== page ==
As a consequence multilingualism is fast  becoming a necessity, and hopefully we’ll one day be able to speak to anyone, in  any country, in any language, all in real-time.

The tech world is experiencing a surge in translation innovation. The  sector has been growing in relevance as persistent advancements in communication  technology continue to shrink our world. Major tech powers like Google and  Microsoft have increased their R&D spend on new translator technology,  culminating in an eye catching demo of an instant English-Chinese translator at a recent Microsoft  event.

The increased focus on translation is predicated by the prospective earnings  that can be reaped from the provision of machine-based solutions. Research firm Common Sense Advisory has estimated  that the global market of outsourced language services and technology will earn £21.1 billion in 2012. Furthermore, the proliferation of smartphones has  expanded the consumer base to an even greater extent, as demonstrated by the  Google Translate app’s recorded 50 million plus installs.

Hence the importance of persistent development in  speech translation, which according to Microsoft still offers a word error rate  of 20-25 per cent. Current iterations of the technology incorporate algorithms  that utilise ‘linguistic rules’ which are expressed via the common model of  matching a source word (in the native speaker’s language), to a corresponding  target word (in a chosen foreign language), with further processing via a  phonological corpus – a database that consists of the grammatical rules and  vocabulary of multiple languages – being required to place the words in  appropriate contextual order.

Google Translate

This is by far the most prolific mobile translation application, allowing for  text based translation in 65 languages and also providing real-time speech  translation for 17 languages (including English, Arabic, French and Dutch).

Its “conversation mode” was originally released in ALPHA last year and  currently remains an Android specific feature. The speech to speech function is  operated via a single handset, where the user is required to first pick both  native and foreign languages then after tapping the microphone icon, speak the  phrase to be translated. The application then speaks back the translated speech  and allows the foreign speaker to reply in their own language by doing the  same.

Ortsbo

This Canadian company provides a social networking solution to real time  translation by utilising plugins for most instant chat and messaging platforms  such as Windows Live, Google Talk and Facebook Chat. The user is only required  to select the output language and then begin typing in the chat box as they  normally would. This feature is also available in a free mobile app for both Android and iOS called Ortsbo 2GO.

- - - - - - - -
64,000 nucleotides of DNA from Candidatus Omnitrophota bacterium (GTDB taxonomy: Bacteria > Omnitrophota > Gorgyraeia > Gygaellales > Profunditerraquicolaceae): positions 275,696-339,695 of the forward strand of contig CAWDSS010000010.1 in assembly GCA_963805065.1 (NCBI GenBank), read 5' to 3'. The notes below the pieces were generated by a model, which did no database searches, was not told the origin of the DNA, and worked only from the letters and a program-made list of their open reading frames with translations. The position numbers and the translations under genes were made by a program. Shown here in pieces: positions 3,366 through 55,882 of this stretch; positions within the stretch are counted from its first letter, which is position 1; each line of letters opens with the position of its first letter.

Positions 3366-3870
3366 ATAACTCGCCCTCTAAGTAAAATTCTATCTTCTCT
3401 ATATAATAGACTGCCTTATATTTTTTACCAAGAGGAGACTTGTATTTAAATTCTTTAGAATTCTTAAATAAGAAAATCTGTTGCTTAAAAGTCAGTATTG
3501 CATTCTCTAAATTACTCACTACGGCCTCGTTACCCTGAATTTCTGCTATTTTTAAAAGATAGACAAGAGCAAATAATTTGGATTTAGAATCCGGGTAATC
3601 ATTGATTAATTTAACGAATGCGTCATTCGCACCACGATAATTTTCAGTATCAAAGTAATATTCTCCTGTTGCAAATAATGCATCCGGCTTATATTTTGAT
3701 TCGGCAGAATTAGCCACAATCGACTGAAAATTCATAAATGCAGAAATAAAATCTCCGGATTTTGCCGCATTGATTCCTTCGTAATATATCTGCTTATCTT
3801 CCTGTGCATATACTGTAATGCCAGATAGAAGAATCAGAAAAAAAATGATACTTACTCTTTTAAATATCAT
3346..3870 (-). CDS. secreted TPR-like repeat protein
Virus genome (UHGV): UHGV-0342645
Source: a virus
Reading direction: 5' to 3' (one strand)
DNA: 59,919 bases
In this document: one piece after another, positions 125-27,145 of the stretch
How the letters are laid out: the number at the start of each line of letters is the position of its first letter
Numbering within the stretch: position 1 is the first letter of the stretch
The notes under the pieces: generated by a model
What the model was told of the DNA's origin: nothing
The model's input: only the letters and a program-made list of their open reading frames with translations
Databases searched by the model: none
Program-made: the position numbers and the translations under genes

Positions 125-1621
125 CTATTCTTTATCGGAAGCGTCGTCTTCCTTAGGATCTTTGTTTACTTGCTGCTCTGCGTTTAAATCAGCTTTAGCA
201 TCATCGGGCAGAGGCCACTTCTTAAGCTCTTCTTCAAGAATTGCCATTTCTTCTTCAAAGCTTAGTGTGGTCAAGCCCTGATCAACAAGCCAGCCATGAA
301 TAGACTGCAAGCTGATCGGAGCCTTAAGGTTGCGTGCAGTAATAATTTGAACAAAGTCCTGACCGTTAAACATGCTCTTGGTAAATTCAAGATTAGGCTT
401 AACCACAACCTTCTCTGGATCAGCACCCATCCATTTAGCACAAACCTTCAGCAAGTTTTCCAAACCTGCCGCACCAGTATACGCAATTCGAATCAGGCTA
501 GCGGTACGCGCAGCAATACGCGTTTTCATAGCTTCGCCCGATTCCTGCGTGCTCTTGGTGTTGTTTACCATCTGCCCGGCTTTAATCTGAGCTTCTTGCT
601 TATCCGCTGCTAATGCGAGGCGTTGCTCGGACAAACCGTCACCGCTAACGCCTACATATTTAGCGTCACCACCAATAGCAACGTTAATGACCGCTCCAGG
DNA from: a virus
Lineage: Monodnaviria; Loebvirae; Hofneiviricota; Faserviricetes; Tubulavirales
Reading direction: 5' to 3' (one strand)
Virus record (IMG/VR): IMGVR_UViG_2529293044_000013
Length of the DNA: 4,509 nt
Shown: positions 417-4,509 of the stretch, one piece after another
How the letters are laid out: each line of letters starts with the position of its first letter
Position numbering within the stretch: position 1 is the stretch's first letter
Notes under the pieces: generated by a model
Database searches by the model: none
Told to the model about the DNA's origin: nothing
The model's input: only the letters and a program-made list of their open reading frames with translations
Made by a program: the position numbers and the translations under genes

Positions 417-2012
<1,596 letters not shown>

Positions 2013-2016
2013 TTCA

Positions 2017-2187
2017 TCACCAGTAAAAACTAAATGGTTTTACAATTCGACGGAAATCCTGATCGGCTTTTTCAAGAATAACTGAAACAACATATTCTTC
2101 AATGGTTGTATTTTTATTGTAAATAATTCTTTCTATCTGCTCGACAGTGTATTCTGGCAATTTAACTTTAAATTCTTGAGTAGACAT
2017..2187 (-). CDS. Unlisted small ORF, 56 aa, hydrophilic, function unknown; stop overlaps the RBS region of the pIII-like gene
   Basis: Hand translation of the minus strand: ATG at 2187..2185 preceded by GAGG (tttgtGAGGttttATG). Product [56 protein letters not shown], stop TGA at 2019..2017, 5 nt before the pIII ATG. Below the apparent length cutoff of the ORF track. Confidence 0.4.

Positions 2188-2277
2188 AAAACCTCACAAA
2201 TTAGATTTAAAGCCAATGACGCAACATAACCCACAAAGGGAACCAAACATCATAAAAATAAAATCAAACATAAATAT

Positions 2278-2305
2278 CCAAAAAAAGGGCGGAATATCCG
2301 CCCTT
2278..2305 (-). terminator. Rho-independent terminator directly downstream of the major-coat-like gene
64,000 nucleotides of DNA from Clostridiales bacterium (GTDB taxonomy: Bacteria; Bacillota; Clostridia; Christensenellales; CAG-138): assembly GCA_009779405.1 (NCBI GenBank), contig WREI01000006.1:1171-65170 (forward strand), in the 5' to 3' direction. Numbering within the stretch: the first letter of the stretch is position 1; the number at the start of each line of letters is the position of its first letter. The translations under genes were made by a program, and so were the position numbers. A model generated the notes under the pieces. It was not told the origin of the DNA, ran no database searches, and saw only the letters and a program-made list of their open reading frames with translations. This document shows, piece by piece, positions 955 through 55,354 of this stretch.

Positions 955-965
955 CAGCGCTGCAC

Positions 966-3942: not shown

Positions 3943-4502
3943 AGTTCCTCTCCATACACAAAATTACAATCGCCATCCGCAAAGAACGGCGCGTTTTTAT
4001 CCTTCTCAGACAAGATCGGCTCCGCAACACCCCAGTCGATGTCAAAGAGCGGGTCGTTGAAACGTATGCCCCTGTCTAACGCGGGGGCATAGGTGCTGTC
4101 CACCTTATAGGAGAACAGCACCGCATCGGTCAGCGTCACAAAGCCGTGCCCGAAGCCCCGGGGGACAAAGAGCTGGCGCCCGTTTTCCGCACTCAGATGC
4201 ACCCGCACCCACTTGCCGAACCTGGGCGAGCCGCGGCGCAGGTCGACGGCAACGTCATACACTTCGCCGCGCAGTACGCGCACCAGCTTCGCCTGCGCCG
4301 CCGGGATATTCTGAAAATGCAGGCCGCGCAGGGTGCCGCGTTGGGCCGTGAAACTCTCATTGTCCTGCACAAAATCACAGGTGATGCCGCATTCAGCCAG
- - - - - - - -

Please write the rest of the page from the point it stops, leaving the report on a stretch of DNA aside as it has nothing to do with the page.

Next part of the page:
Ortsbo can translate 53 global languages – including English, Chinese and  Arabic. The company also provides a Twitter service that allows its users to  place a widget that can pull tweets from a specific account or hash tag and  provide instant translation.

Ortsbo also provides a face to face solution in the form of its iPad and Windows Phone app, one2one, which much like Google translate  allows for two-way translation through the use of one device.

Vocre

MyLanguage’s Vocre application performs live translated video calling for iOS devices in 31 languages. The user dials out from within  the app and then is required to hit a record button before they speak into the  enabled mobile device and watch as their words are converted to text. After  making sure that the text entry is correct the user must then click reply and  the text is repeated in the chosen foreign language by a synthesised voice.

Much like Ortsbo and Google Translates mobile offerings the app gives face to  face functionality.

Hanashite Hon’yaku (automatic voice translation service)

Hanashite Hon’yaku is exclusive to Japan and more  specifically subscribers to the country’s largest network provider, NTT Docomo.  Much like Google Translate the service facilitates the use of face to face  translation through a single enabled mobile, what sets it apart however, is its  ability to translate actual phone conversations in real-time.

It provides spoken translation after a short pause as well as providing a  text transcript. The user is required to dial out via a provided smartphone  application, which allows for calls to be placed to overseas, mobile or  landline. The phone translations are being limited to Japanese, Korean, Chinese  and English, furthermore, by utilising cloud computing the accuracy of the  translations are not limited by a phones specification.

Lexifone